The Nature of Things | WYPR

The Nature of Things

Tuesday at 4:44 pm

The Nature of Things is a weekly broadcast about our area’s native flora and fauna, hosted by Irvine Nature Center’s Executive Director Brooks Paternotte.  At the start of each week, The Nature of Things offers an eco-friendly perspective on everything from our changing seasons to the sounds of our migrating birds to the plants invading our yards, fields and forests.

Tune in to 88.1 WYPR every Tuesday at 4:44 pm. as Brooks inspires us all to explore, respect and protect nature.

Snow Owls

Dec 20, 2016
Tony Hisgett

Just a few weeks ago, I got some exciting news.

Some colleagues, all enthusiastic birders, I.D.’d a snowy owl sitting atop the Bay Bridge on the second to last lane signal on the eastbound span. It’s still early in the season, but this unusual visit could mean another year of these unmistakable, rare white owls visiting our shores.

Ravens

Dec 13, 2016
NH53/flickr

Everyone knows of Edgar Allen Poe’s darkest and most well-known poem, The Raven. And you’d be right to suspect that his inspiration came from a real, live bird. The illustrious avian Poe encountered had an excellent vocabulary, in fact, and it did set the ground work for the author’s macabre storytelling. The bird Poe met, however, belonged to his contemporary, Charles Dickens, and was a family pet.

Mike Keeling/Flickr Creative Commons

When children visit Irvine’s exhibit hall, they are often most excited to see our lively snakes. They can meet any of the 4 species of native snakes we have, from the corn snake to the leucistic black rat snake. Immediately, these kids step forward and want to get up close. And they have so many questions: “How big does it get? What does it eat? Where does it live? What animals eat it?”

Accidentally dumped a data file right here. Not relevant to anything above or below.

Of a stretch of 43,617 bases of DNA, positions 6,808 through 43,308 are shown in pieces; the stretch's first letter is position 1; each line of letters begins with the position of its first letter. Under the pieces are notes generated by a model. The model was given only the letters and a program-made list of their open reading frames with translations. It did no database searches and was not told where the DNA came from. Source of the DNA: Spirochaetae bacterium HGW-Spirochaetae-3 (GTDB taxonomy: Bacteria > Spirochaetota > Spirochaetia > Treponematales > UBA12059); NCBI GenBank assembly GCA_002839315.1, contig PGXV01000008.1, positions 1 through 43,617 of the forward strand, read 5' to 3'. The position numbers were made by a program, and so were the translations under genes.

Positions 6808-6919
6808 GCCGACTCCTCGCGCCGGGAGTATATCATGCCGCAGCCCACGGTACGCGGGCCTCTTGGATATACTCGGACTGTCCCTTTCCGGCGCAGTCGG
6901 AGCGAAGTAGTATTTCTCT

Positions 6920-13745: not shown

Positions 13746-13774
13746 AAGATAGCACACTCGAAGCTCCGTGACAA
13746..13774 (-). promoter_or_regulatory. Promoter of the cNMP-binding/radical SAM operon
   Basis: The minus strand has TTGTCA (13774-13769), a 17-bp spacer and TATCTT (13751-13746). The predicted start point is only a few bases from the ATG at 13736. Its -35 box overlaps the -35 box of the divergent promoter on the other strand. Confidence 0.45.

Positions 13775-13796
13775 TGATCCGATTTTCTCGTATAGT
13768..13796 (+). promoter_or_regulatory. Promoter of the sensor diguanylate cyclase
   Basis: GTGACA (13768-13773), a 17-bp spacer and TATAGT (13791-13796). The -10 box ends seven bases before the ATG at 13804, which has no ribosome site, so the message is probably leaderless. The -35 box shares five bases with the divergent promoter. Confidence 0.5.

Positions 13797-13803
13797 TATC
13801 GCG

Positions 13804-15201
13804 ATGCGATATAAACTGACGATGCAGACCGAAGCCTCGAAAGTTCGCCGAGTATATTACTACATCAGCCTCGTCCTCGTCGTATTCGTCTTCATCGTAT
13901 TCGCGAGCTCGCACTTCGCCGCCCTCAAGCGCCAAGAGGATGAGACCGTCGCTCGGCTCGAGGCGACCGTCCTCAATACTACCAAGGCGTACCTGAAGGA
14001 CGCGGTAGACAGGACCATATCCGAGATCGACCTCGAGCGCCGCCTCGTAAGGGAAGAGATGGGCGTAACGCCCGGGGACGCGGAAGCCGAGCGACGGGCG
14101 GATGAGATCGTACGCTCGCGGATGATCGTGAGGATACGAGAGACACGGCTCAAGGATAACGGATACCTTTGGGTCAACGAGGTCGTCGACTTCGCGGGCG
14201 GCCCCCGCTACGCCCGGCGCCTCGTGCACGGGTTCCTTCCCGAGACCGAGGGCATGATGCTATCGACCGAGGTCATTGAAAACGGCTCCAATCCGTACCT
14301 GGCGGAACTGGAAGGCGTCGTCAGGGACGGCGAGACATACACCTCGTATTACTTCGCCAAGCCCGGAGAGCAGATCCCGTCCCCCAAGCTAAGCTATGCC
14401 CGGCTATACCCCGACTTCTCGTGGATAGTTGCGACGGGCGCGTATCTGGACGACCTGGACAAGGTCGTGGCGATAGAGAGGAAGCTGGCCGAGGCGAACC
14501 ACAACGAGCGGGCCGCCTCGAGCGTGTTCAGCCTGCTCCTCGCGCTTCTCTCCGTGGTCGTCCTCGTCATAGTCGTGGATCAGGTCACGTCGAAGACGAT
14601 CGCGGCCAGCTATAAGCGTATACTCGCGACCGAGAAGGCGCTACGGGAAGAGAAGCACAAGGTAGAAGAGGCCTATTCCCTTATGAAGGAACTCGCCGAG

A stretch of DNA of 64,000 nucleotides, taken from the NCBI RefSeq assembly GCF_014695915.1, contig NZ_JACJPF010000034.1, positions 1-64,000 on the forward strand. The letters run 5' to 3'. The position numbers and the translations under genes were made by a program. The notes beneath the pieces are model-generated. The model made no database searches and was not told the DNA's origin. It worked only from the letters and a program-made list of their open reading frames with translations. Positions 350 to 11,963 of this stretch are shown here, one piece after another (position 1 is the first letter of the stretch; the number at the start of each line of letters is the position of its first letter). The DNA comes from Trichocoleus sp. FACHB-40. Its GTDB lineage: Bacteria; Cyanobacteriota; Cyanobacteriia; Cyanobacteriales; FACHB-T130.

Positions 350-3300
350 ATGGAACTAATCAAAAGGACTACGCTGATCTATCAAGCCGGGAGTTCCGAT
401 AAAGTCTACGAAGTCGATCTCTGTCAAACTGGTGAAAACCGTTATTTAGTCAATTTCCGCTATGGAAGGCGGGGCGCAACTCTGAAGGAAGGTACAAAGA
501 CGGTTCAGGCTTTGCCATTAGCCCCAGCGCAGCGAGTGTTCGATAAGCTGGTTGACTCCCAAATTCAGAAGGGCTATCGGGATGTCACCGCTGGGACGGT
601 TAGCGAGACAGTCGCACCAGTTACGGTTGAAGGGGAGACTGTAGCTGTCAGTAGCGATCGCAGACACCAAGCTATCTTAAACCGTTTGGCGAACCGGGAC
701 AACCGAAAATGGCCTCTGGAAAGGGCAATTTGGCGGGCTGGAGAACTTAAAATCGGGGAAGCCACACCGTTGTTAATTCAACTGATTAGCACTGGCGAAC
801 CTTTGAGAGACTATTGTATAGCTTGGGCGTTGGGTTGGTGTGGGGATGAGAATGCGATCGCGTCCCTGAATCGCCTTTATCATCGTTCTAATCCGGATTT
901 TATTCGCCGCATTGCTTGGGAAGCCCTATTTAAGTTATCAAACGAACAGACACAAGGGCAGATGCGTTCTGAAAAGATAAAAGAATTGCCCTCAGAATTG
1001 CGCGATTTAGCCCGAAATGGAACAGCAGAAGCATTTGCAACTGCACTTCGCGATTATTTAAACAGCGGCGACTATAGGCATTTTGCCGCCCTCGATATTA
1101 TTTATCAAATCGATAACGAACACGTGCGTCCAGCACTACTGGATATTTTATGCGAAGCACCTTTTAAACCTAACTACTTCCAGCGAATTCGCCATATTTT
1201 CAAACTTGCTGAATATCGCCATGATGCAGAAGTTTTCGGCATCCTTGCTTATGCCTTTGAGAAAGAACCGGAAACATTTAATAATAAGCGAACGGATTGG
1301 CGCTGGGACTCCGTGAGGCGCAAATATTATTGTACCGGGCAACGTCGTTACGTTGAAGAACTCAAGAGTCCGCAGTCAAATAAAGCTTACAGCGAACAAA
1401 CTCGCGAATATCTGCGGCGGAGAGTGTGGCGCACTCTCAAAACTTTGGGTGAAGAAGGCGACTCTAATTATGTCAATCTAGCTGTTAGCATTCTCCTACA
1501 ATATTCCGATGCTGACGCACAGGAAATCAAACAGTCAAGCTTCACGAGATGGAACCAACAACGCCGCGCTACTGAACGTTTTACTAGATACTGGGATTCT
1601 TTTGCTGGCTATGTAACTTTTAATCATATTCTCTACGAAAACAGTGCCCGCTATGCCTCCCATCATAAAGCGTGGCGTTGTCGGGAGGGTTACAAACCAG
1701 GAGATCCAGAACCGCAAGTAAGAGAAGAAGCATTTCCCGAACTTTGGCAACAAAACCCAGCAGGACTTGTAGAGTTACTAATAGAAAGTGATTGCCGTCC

But when adults visit, they often see a snake and quickly take one big step back. And they only have one question: “Is it poisonous?”

Of Maryland’s 27 species of snakes, only 2 are dangerous. But none are poisonous. Not one. And worldwide, few slithering species are poisonous. That’s because the small, select group of non-constrictor snakes that are dangerous are venomous, not poisonous. And it’s an important difference.

Weasels

Nov 29, 2016
Michael Bamford/Flickr Creative Commons

This past Thanksgiving I had turkey galore. And there was so much ham. Sausage for breakfast, I think. Some duck. Even bacon-wrapped venison at one point. I was quite the carnivore. But I’ve got nothing on one of our area’s hungriest carnivores and most efficient predators: the long-tailed weasel.

Woolly Bear

Nov 22, 2016
Juanita Demchak/Flickr Creative Commons

On an autumn walk through Schooley Mill Park in Howard County, I really had to watch my step. Every few feet or so, my well-worn hiking boots endangered another tiny black-and-copper critter crisscrossing the trail ahead of me.

Reaching a stopping point at a sunny spot, I picked up one of the 2-inch-long caterpillars before it could reach its destination. Its soft, bristled body tickled my hand as it motored across, intent on completing its journey before cold weather truly arrives. “How will our winter be, woolly bear?” I asked it.

The woolly bear caterpillar – also called a woolly worm, black-ended bear or fuzzy worm – may be a small animal, but it has a grand reputation. Regional folklore contends that the relative amounts of black and ruddy brown on the short, stiff hairs of a woolly bear caterpillar indicate the severity of the coming winter.